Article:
YOU ARE HERE: LAT HomeCollections

Blowout Marks Chinese Anniversary : Asia: Jubilee commemorates 45 years of People's Republic. Rumors about Deng Xiaoping's health cast pall.


BEIJING — People agreed that it was the biggest party the Chinese Communists had thrown in years.

Brilliant fireworks lit the autumn sky, and 100,000 carefully screened party faithful assembled in Tian An Men Square and sang the "March of the Volunteers." The national anthem's inspiring strains echoed over the adjacent Forbidden City, ghostly palace of fallen emperors.

Cynics said the party Saturday night was an especially big one because it might be one of the last. Such was the edgy mood of China on the 45th anniversary of the creation of the People's Republic of China.

The National Day party, the first full-scale jubilee held here since 1989, was said to have more dancers, more fireworks and more colorful floats than ever before. Even the famous painting of Mao Tse-tung in Tian An Men Square was retouched and enlarged for the occasion. The painting, its colors softened and now measuring 33 square feet, hangs under the rostrum where Mao declared on Oct. 1, 1949: "China has stood up."

Some people saw Saturday's celebration as a fitting send-off for 90-year-old paramount leader Deng Xiaoping, said to be hospitalized and widely rumored to be gravely ill. Few expect Deng to last until the People's Republic silver anniversary in 1999.

"He's alive, but his brain has stopped working. There is no way he can make it for five more years," said one foreign resident who has worked for 20 years in China.

Hoping to pave the way for a smooth transition, the official People's Daily newspaper in an editorial named Jiang Zemin, the nation's president and the Communist Party general secretary, as the natural successor to Mao and Deng.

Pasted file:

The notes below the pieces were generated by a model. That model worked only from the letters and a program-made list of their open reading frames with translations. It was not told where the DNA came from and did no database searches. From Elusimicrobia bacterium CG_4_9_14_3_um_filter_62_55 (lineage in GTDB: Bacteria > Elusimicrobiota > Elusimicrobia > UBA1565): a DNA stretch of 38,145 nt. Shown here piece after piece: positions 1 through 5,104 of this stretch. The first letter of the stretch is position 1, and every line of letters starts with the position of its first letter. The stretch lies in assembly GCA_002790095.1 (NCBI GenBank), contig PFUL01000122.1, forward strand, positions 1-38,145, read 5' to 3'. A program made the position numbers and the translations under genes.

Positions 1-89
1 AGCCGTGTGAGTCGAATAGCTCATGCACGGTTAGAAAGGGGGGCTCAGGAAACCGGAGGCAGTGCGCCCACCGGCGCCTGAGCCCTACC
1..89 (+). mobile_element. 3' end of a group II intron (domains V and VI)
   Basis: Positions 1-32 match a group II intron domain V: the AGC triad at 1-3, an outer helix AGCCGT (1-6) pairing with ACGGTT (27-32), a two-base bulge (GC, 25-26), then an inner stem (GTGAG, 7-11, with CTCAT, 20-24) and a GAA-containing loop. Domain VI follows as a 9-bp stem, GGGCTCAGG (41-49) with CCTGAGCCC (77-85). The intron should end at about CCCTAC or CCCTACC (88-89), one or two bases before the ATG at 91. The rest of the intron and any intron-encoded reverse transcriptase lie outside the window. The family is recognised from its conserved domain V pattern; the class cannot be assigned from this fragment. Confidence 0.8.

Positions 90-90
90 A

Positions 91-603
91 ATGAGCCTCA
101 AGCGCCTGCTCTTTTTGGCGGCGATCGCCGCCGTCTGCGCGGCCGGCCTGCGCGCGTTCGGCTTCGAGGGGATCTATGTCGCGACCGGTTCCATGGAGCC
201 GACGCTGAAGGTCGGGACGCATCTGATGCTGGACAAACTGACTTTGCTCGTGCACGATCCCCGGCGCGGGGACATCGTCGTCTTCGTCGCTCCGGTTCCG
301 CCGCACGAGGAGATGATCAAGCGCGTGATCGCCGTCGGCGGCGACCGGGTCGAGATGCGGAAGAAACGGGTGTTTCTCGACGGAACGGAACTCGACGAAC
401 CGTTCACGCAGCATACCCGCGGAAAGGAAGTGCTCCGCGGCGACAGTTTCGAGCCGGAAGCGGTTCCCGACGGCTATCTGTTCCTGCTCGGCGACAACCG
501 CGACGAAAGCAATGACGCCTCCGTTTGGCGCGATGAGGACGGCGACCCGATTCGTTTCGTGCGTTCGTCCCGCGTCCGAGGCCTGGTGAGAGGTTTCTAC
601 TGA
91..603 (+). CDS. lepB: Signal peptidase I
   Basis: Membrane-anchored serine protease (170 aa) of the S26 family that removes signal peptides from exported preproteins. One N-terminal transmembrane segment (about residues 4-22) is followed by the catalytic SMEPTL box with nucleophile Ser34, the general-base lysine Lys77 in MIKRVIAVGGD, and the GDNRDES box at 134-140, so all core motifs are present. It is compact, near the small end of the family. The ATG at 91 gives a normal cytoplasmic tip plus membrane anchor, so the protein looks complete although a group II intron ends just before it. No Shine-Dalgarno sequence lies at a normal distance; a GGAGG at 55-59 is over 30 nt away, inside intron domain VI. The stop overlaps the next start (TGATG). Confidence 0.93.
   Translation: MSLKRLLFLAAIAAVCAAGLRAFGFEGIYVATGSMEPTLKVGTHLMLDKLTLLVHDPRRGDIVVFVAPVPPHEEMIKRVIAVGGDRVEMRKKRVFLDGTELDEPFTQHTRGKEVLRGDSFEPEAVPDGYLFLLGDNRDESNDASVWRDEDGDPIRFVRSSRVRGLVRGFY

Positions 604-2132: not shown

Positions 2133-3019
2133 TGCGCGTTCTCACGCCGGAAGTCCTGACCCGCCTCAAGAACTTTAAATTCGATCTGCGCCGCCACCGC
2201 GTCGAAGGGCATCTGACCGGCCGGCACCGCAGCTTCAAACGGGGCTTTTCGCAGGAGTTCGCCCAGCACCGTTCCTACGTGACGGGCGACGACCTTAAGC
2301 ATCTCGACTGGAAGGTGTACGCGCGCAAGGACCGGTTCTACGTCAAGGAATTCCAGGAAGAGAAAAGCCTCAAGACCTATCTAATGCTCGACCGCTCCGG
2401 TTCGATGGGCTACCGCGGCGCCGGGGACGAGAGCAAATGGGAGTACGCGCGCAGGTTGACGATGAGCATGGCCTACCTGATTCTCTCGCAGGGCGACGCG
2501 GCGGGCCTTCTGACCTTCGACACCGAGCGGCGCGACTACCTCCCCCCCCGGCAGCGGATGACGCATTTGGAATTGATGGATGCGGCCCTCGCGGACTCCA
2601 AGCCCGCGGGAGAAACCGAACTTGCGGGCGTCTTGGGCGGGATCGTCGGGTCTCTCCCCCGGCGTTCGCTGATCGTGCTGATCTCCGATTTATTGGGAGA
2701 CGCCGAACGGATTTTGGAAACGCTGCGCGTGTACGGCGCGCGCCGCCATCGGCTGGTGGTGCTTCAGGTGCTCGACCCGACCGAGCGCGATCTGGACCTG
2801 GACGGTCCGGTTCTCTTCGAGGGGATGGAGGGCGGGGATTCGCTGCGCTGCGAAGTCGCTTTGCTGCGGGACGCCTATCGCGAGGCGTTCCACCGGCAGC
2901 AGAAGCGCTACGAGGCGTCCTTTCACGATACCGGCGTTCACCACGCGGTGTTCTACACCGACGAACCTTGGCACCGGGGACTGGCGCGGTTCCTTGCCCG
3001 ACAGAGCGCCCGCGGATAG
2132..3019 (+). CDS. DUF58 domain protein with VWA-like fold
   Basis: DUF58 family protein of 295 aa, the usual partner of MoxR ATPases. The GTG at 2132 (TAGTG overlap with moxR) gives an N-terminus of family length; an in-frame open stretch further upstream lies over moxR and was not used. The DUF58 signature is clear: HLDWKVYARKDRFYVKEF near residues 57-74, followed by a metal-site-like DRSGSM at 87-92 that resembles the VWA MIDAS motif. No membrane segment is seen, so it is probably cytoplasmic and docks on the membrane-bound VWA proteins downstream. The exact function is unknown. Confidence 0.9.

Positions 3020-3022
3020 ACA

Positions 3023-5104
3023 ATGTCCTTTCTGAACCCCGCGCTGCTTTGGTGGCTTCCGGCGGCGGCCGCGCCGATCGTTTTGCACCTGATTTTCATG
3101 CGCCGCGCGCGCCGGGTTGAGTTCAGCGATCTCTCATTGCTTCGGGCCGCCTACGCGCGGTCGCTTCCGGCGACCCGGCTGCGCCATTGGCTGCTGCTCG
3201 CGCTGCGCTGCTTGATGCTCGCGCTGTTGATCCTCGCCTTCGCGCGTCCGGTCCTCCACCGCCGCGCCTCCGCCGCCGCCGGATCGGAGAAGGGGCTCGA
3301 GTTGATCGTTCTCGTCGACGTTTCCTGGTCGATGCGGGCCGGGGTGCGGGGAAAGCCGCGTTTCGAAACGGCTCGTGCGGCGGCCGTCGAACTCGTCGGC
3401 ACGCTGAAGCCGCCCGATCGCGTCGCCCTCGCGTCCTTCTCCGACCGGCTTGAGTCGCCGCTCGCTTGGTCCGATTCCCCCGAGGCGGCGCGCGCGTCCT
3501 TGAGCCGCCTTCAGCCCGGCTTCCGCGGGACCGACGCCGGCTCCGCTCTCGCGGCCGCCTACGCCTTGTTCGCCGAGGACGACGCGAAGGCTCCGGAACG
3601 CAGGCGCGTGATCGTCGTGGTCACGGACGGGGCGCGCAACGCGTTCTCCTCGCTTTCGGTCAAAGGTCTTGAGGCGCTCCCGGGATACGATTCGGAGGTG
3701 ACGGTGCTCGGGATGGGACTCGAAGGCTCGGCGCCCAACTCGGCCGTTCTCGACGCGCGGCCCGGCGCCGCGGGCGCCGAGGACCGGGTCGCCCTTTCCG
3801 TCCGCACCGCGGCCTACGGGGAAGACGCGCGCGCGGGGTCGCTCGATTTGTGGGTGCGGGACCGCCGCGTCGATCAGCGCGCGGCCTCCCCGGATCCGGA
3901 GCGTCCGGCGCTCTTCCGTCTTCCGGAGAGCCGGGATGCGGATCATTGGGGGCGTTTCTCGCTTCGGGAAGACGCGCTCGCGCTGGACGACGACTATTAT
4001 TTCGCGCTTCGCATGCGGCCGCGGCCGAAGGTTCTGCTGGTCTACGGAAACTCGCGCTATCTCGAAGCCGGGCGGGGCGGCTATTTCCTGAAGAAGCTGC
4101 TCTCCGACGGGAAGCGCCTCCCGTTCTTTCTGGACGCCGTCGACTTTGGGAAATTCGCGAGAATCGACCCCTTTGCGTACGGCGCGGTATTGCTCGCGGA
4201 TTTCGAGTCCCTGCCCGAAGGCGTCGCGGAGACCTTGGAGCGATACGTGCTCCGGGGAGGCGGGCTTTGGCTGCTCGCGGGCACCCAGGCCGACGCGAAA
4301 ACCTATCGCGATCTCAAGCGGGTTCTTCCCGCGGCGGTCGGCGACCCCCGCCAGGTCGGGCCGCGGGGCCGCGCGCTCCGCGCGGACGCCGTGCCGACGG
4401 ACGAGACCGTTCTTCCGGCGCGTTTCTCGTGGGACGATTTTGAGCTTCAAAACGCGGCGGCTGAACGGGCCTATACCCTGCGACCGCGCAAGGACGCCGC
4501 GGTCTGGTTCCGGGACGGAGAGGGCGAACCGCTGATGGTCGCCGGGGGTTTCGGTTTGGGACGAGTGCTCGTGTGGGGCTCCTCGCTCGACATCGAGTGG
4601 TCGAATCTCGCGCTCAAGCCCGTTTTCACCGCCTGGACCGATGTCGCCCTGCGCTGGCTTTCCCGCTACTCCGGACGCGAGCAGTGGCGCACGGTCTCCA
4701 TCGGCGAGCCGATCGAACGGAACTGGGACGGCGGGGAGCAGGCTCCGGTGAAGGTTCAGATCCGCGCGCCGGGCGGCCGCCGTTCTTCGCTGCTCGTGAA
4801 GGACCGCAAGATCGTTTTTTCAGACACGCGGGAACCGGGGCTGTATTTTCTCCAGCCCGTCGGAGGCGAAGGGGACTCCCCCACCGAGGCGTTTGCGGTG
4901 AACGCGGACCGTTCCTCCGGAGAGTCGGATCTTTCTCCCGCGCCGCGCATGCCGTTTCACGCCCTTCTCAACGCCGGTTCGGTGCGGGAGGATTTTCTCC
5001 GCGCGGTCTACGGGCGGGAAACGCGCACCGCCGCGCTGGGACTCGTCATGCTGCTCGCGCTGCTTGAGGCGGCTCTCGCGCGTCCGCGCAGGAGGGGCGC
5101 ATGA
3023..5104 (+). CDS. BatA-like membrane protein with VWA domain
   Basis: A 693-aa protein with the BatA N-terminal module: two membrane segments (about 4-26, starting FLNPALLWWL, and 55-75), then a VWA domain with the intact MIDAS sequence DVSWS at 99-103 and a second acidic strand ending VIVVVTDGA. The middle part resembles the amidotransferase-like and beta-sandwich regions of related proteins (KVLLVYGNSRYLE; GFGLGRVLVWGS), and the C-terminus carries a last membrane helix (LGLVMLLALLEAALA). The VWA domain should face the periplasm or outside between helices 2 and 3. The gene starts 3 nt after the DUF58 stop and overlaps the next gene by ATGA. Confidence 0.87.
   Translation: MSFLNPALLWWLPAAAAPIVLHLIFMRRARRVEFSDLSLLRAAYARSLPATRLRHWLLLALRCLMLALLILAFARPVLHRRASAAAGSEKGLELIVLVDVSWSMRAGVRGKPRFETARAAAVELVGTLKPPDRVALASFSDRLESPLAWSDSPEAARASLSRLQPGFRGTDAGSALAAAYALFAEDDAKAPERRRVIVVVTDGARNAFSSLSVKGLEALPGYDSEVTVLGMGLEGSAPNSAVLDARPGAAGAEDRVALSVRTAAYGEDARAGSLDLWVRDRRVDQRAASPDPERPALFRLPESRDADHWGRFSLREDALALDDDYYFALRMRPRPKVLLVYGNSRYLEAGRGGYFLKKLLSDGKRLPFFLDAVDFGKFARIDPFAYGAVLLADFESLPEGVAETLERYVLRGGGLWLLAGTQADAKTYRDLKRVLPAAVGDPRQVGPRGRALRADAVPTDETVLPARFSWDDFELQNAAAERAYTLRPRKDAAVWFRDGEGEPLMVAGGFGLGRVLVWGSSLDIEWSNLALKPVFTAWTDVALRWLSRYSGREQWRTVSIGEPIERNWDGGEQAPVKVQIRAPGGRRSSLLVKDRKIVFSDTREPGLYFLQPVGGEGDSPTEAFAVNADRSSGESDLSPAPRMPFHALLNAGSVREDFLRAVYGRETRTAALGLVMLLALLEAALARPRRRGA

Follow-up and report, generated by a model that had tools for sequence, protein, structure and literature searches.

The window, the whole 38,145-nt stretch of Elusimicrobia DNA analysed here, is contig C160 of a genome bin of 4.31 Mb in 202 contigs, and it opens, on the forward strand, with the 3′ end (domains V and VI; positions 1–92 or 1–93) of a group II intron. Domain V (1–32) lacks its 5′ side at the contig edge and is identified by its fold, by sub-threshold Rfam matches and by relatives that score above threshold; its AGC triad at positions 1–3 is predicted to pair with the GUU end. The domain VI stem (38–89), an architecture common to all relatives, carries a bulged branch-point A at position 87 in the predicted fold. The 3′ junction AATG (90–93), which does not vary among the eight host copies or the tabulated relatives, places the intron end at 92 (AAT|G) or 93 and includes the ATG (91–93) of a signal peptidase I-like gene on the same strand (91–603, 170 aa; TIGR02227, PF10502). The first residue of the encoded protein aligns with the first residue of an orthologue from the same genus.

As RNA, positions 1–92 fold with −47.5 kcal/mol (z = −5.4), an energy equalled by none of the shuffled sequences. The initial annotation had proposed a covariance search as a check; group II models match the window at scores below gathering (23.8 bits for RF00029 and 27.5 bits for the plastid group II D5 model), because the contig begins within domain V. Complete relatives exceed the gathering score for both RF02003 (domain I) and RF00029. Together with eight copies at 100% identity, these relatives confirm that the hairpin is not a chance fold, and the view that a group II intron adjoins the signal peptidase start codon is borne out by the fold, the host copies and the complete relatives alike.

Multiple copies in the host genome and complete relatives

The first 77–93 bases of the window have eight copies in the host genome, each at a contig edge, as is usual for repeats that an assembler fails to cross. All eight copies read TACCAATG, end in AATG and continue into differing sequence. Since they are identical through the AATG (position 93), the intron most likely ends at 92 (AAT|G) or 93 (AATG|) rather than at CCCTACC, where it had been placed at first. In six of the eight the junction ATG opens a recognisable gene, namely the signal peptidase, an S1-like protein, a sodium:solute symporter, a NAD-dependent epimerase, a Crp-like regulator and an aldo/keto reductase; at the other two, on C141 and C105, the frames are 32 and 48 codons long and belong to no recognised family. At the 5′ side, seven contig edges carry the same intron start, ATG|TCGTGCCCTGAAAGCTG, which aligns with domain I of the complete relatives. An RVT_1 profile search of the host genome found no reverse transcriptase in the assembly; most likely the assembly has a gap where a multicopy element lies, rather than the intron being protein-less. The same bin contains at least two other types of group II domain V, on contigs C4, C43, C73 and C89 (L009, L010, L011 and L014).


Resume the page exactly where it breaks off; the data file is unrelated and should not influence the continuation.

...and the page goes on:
But Deng's frailty lent an end-of-a-dynasty atmosphere to the nationally televised festivities. The question in many people's minds these days is: Will the death of Deng also herald the disintegration of a Communist Party that no longer seems in control of a country riding one of the world's hottest economies?

Some of the problems that have historically plagued China in times of dynastic change are now in evidence. Inflation, the bane of the fallen Nationalists of Chiang Kai-shek, is running at an annual rate of 27% in China's major cities.

Freed to travel under Deng's economic policies, a huge "floating population" of between 80 million and 100 million peasants roams the country seeking work, mostly in the cities.

With the economic liberalization has come widespread corruption and crime. More than 80,000 police officers, out of sight of television cameras, were positioned on the periphery of Tian An Men Square to guard against trouble. But in the back of the minds of many Beijing residents was the bloody shooting incident that took place only the week before a mile west of the sprawling central square.

In that incident, an army lieutenant stationed in a suburb of the capital, reportedly angered after being disciplined for beating a soldier, killed his superior officer and four other soldiers. He then hijacked a jeep and drove to Beijing, where he killed eight more people, spraying bullets into rush-hour traffic on a major road.

The incident spooked at least part of the populace. A Beijing woman married to a party cadre, asked if she was planning to attend the celebration Saturday night, answered, "Do you think I want to get shot dead in Tian An Men Square?"

In contrast to previous National Day celebrations in the square, a touch of market economy rhetoric replaced political dogma.

Directly in front of the rostrum where the nation's senior leaders were assembled, one banner proclaimed, "Seize the Opportunity to Deepen Reform, Expand Opening Up, Promote Development and Maintain Stability."

Watching from the leadership rostrum was Jiang, the heir apparent. Directly opposite him in the sprawling square was Mao's tomb, and written above the entrance to the tomb was a giant dedication to Mao. The calligraphy of the dedication was that of Hua Guofeng. Hua, like Jiang today, was once the dauphin chosen to assume leadership. In a historical footnote that may be sobering to Jiang, he lasted in power only a year after Mao died before fading into obscurity.

Los Angeles Times Articles